Millennials and beyond have begun to embrace eSports as their chosen form of competitive entertainment.
Among millennials, competitive gaming is already on the verge of usurping organizations like the NFL and the NBA. 40 percent of the critical 17-34 demographic prefer watching their technologically savvy peers battle it out with keyboards and gamepads on the internet, versus balls on fields and courts. That leaves 42 percent still primarily interested in meat-space competition, with 18 percent divided between the two.
The numbers suggest that this trend will not only continue, but accelerate in the coming years. According to Managing Directors Alex Evans and Gil Moran who produced the referenced study for LEK Consulting:
Though they represent a large and increasingly integral segment of the U.S. sports fan base, millennials bring to the table a unique challenge. Unlike their Baby Boomer and Gen X predecessors, millennials follow a much broader range of both traditional and alternative sports as adults, and despite having less time on their hands, have a far greater selection of viewing alternatives.
Professional esports will generate nearly $700 million in revenue this year, and are projected to earn at least $1.5 billion annually by 2020. While that doesn’t yet match the billions brought in by traditional sports, consumers of more traditional competition are aging out of the market, while younger generations quickly shift into primary economic roles.
How quickly? The LEK study points to ESPN — a typically reliable barometer of sports engagement — to paint a “stark portrait” of the decline. “For the fiscal year ending Oct. 1, 2016, subscribership shrank to 90 million, a 10% drop in just three years.” That’s just shy of freefall in the entertainment world.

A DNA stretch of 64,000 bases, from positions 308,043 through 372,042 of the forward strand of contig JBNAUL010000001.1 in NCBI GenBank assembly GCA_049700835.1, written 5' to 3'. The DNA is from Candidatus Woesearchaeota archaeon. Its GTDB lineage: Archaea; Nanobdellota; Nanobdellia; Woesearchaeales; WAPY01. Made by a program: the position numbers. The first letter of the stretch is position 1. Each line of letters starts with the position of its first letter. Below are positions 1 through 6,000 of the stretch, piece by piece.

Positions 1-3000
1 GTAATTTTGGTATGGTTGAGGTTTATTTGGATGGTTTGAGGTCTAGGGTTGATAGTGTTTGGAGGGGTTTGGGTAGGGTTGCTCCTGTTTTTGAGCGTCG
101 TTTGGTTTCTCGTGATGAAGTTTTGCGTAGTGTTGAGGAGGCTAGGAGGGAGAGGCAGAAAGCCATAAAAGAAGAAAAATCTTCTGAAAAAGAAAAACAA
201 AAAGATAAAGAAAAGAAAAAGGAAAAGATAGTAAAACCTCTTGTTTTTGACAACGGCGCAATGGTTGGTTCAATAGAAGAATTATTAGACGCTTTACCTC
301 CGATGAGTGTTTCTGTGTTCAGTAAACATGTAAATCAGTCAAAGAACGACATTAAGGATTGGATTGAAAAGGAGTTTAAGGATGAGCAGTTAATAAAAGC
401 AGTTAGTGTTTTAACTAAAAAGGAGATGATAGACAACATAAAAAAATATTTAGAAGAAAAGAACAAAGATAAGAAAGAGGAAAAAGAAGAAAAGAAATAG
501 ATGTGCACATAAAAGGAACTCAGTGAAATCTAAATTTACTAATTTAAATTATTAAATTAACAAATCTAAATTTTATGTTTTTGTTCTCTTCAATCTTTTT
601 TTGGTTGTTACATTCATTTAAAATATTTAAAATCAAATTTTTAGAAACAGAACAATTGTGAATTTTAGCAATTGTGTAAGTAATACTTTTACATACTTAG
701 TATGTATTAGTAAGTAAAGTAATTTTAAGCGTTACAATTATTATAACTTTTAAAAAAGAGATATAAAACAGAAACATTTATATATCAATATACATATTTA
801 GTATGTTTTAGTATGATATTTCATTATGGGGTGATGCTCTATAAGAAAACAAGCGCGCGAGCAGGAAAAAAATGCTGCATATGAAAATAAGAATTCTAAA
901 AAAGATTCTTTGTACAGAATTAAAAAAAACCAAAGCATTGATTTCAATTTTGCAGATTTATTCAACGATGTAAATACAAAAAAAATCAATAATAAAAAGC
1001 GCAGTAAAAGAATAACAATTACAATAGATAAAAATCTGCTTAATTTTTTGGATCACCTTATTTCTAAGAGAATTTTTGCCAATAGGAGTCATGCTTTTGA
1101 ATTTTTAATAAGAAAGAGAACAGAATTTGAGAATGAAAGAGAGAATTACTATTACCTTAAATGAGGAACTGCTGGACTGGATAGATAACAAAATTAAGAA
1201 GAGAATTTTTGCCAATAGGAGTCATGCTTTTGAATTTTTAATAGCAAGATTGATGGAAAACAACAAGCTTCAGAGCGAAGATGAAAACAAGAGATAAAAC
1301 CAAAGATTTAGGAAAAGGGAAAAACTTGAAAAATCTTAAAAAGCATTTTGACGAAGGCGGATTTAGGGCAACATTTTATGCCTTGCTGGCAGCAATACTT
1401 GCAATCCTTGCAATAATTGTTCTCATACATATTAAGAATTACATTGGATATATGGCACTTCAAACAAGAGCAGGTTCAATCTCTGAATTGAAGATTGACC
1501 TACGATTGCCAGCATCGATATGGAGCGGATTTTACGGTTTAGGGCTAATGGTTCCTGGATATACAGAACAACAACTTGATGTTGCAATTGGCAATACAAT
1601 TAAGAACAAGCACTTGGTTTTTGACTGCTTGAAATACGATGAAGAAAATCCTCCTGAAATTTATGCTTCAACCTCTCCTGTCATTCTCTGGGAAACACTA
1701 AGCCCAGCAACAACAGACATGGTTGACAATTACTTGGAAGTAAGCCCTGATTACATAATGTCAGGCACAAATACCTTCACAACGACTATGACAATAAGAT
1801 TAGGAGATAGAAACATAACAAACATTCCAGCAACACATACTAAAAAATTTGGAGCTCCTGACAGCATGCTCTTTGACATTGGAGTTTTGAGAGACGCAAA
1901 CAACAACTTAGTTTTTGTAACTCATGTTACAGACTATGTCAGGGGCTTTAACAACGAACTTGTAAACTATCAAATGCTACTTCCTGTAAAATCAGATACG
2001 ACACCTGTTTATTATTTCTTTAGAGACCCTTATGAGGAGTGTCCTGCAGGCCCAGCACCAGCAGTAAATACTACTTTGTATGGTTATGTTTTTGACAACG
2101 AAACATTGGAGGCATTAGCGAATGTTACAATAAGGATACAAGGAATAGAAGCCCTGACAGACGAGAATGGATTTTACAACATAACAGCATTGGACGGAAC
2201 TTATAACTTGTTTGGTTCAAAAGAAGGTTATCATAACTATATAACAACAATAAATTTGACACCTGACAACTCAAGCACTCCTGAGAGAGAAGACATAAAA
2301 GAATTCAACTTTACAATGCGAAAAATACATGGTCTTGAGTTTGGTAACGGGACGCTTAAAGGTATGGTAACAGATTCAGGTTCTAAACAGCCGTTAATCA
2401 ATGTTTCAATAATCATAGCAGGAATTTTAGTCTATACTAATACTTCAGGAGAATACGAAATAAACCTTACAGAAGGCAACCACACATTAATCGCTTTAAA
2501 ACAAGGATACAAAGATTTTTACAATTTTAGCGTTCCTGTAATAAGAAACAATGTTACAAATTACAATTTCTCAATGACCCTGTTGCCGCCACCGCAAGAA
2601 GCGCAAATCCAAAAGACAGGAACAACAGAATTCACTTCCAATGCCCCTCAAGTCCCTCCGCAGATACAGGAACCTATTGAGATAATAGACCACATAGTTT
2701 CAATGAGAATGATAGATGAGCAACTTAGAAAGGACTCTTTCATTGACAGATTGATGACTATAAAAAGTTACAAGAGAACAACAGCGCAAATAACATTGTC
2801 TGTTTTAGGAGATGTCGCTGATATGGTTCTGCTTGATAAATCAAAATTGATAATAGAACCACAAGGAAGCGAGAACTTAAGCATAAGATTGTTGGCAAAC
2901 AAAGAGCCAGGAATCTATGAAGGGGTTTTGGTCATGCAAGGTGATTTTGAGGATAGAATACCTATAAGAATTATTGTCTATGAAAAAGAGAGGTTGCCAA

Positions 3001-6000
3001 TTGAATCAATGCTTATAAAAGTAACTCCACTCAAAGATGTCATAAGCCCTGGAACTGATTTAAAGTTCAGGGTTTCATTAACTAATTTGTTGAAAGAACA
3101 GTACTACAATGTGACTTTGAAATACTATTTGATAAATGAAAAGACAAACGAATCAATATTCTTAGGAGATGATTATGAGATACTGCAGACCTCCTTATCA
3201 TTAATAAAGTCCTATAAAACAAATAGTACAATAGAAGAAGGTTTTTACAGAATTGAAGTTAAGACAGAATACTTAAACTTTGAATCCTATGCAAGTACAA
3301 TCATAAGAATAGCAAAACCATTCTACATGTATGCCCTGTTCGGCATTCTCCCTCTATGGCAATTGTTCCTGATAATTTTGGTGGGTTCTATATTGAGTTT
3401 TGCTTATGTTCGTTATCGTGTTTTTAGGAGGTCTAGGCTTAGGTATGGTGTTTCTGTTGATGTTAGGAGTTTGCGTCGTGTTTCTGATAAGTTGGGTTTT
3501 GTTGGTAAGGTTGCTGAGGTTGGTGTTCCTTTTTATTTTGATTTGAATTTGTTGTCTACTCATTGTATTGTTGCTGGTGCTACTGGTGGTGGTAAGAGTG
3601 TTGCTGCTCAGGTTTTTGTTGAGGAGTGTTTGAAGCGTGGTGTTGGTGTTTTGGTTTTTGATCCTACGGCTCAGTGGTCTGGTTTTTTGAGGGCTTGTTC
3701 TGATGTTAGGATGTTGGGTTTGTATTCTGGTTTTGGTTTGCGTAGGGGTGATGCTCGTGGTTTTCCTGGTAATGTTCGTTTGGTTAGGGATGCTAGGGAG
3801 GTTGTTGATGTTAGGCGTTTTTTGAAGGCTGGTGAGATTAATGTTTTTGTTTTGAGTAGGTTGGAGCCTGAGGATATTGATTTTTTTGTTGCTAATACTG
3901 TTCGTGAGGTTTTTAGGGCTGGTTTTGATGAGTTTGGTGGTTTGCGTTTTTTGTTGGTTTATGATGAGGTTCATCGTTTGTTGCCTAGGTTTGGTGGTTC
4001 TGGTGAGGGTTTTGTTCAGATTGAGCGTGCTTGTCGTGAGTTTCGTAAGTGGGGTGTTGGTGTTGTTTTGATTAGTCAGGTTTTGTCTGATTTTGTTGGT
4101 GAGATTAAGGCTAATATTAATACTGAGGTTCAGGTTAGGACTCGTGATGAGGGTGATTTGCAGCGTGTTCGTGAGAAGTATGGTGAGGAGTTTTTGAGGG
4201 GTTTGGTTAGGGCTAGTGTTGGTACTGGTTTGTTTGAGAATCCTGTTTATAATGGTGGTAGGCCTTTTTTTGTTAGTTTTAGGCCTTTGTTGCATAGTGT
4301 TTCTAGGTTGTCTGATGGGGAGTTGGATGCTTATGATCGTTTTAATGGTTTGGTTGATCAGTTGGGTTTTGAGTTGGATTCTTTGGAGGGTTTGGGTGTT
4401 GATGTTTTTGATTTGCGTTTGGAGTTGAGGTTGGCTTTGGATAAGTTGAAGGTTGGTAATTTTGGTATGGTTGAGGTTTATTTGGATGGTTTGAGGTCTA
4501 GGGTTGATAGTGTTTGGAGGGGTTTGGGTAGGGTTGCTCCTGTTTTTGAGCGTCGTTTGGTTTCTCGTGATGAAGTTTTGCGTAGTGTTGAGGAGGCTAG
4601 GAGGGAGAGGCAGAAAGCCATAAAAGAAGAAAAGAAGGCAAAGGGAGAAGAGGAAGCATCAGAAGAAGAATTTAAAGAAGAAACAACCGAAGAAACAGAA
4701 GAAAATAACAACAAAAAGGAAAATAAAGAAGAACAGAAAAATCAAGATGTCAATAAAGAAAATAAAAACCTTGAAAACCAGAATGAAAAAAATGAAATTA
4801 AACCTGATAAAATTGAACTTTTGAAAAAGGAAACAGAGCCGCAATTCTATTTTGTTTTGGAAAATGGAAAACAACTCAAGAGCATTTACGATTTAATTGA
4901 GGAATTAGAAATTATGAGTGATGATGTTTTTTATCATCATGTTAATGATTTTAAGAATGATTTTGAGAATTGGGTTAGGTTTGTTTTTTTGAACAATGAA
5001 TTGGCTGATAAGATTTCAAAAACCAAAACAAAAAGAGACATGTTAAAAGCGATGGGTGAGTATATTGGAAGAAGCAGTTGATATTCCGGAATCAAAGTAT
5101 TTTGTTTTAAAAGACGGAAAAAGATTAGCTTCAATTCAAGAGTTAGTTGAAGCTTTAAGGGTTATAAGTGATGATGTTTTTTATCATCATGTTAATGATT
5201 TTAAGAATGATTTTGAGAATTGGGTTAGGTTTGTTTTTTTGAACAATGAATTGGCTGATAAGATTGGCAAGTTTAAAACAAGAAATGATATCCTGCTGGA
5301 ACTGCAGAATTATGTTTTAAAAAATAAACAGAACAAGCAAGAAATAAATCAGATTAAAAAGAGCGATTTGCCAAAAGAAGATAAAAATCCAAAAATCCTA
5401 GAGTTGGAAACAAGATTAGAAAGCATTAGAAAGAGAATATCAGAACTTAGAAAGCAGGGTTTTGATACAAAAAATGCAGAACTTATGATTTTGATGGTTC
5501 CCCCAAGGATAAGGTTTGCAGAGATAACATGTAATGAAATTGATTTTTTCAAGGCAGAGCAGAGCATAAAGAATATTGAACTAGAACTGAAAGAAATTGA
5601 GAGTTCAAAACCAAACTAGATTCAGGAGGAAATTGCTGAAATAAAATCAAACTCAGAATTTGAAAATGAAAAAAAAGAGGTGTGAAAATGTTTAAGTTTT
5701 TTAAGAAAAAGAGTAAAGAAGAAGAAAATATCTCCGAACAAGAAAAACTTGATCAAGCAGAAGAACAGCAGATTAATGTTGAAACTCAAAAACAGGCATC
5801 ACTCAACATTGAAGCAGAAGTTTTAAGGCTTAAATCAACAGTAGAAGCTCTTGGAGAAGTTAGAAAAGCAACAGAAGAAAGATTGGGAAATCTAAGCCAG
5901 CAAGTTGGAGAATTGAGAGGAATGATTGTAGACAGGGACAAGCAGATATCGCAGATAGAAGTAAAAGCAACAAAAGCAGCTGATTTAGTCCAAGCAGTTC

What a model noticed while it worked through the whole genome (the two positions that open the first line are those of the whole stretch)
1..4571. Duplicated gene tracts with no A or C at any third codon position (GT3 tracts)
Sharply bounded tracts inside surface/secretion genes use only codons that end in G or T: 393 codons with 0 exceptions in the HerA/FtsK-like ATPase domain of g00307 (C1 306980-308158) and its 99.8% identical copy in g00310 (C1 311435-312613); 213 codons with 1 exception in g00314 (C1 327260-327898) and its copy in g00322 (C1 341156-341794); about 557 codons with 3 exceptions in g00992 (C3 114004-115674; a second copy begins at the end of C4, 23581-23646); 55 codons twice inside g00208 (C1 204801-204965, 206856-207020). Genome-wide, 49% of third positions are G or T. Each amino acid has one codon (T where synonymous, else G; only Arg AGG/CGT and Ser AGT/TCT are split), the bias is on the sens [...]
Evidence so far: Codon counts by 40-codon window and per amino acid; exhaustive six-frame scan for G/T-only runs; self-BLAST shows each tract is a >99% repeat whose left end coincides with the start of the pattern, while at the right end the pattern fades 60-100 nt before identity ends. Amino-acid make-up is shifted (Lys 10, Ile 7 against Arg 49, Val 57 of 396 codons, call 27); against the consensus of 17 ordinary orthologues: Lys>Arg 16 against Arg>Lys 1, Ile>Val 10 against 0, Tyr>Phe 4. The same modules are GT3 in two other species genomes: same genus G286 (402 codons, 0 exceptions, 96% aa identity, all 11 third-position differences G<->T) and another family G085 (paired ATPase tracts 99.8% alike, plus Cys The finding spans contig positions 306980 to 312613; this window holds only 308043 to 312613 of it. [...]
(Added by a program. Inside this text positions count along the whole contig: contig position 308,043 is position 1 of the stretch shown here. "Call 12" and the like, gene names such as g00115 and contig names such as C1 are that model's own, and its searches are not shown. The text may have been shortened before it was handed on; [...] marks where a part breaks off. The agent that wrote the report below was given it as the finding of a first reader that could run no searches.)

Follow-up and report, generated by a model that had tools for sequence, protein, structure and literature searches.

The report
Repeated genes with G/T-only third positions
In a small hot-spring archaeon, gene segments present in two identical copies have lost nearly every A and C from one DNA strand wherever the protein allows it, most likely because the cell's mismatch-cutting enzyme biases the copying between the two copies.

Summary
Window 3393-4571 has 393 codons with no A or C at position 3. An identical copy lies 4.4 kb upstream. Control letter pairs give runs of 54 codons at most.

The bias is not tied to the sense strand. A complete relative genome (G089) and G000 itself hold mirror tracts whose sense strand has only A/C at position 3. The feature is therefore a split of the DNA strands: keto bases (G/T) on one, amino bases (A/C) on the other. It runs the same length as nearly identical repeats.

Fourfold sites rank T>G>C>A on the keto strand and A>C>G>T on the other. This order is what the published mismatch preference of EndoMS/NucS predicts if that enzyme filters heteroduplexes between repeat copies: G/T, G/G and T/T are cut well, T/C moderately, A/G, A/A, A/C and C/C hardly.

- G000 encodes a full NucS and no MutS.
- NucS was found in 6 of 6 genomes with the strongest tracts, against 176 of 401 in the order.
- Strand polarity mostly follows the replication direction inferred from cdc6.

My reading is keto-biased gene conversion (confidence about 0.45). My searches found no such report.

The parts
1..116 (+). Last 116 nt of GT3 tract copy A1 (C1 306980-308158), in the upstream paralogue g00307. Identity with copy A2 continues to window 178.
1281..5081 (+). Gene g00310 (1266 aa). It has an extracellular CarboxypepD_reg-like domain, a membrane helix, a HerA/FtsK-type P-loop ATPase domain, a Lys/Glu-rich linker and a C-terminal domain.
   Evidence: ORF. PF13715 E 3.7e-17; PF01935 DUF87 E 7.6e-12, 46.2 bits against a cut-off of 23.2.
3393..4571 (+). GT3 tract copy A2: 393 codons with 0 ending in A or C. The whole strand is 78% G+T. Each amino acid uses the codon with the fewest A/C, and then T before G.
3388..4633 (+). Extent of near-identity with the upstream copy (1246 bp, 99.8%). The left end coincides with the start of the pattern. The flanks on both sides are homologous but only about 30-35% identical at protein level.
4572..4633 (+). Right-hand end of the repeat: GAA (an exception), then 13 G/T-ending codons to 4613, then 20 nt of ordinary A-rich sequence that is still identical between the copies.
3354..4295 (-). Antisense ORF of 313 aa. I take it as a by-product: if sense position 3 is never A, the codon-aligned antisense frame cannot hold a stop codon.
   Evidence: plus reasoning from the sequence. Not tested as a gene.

For now, “in terms of both composition and dollars spent, individuals 35 and older continue to dominate the country’s consumer base.” But “at a combined 45 percent, millennials — ages 17-34 — and their Generation Z peers — age 16 and under — are quickly closing the gap. Millennials alone now represent over a quarter of all domestic consumers, and they are the country’s leading life-stage demographic.”
Viewers are emigrating from traditional TV subscription services toward digital media like Netflix, YouTube, and Twitch.tv. While streaming services continue to skyrocket, the network exclusivity and ad deals that underpin major sports broadcasts have begun to suffer.
Evans and Moran conclude that “as Millennials continue to back away from mainstream media, they are likely to become increasingly disengaged from sports in terms of viewership and fandom — that is, unless industry heads are able to respond to these changes in a proactive manner.”
For one thing, that means making traditional sporting events more visible on mobile devices and computers, where eSports stream for free. It means appealing to a generation doesn’t watch or play the same way as markets have for decades, and understanding that change is inevitable. Sports broadcasters will embrace the transition toward games of intellect and reflex — two traits of considerably higher import in a society that relies less and less on manual labor, and more on robots — or they will slip into irrelevance as a new generation of consumers move on.
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